I think the real problem is not with karma, but with ideas of retribution and punishment. If you say 'well that happened because of your karma' it is like saying 'serves you right, you bad person'. This is really a misuse of the whole idea. Karma should only be a way of encouraging you to take responsibility for your actions, not a means to blame other people or make excuses for your own shortcomings ('my karma made me do it!') That kind of superstitious attitude ought never to be indulged in (and I don't think it is represented in the original teachings at all). But none of that means that actions don't have consequences. And I don't think that Buddhism is meaningful without that idea, which is the very basis of the concept of moral responsibility.

Another important doctrinal point that is made by Richard Gombrich in What the Buddha Thought, is that the Buddha vastly expanded the concept of Karma to cover 'all intentional actions'. The Brahmanical tradition, by way of contrast, associated karma nearly exclusively with the appropriate performance of ritual actions. In this sense, the Buddha made karma a moral principle in the life of every individual.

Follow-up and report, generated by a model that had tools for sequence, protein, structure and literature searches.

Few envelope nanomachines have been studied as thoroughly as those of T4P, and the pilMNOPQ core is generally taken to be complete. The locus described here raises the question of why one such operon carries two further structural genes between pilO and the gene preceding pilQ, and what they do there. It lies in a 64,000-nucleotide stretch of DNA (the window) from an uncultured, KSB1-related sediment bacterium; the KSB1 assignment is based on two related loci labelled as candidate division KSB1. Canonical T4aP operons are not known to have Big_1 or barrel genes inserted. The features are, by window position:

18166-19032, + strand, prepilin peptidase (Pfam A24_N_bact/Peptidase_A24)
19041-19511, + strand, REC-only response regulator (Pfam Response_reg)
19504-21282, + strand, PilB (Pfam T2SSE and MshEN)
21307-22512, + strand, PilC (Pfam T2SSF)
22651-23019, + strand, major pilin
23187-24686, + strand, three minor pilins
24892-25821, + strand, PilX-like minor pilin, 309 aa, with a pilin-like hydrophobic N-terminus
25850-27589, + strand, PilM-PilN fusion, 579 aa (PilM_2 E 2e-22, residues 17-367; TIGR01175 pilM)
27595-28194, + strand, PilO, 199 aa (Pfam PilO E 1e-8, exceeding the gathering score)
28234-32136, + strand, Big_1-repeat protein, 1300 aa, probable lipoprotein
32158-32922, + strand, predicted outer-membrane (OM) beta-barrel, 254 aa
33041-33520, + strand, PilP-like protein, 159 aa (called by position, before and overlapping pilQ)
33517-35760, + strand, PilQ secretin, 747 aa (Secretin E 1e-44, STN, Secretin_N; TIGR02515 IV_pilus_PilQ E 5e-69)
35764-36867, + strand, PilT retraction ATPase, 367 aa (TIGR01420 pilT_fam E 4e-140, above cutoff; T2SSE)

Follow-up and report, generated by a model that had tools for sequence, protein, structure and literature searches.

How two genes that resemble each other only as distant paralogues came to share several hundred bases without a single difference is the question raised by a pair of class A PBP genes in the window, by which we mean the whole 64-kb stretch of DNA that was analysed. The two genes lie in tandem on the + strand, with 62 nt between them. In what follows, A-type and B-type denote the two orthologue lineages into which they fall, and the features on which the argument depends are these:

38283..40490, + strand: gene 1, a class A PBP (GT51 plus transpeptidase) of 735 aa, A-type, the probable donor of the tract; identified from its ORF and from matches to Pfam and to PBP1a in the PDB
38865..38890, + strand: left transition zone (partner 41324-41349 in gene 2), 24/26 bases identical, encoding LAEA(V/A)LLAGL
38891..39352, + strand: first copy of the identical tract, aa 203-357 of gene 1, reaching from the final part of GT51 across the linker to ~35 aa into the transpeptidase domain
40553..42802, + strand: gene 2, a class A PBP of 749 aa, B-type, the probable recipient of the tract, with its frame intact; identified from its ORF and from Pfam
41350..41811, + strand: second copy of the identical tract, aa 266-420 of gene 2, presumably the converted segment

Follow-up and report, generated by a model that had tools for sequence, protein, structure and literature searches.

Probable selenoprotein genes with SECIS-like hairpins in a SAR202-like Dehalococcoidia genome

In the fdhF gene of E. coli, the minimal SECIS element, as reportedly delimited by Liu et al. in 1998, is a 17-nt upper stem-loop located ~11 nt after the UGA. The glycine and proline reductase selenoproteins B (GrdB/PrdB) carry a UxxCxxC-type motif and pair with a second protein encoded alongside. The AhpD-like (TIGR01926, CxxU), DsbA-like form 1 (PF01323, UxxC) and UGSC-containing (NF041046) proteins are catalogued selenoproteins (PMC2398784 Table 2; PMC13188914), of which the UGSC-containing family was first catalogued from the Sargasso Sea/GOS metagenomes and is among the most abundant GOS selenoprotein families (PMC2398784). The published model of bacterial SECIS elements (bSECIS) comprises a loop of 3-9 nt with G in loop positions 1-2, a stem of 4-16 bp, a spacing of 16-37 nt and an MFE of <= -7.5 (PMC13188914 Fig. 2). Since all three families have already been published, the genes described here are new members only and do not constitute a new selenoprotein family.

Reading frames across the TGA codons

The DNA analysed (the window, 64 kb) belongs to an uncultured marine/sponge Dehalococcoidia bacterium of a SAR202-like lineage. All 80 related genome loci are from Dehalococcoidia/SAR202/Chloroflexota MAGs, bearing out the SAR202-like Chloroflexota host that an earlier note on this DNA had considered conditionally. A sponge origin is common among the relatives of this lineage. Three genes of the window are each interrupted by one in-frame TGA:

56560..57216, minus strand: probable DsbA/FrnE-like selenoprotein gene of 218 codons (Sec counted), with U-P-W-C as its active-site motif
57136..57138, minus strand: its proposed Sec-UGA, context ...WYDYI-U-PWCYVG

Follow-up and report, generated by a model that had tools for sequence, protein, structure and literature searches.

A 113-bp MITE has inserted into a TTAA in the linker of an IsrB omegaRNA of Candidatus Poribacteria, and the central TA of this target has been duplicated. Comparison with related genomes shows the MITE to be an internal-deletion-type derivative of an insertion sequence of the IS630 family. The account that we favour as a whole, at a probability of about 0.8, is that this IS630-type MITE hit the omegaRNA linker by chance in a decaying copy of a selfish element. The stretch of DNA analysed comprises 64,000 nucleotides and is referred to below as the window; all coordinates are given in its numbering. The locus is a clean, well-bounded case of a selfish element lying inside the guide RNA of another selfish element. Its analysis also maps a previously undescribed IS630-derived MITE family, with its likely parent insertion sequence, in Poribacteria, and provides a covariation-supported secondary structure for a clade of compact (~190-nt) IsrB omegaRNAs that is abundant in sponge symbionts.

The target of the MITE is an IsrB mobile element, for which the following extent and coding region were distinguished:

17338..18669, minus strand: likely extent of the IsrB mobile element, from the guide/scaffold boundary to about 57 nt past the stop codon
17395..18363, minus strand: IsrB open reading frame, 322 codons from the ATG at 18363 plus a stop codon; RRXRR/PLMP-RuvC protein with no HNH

Accordingly, I don't really accept Steven Batchelor's reading of the role of Karma in Buddhism.

charlie2go's picture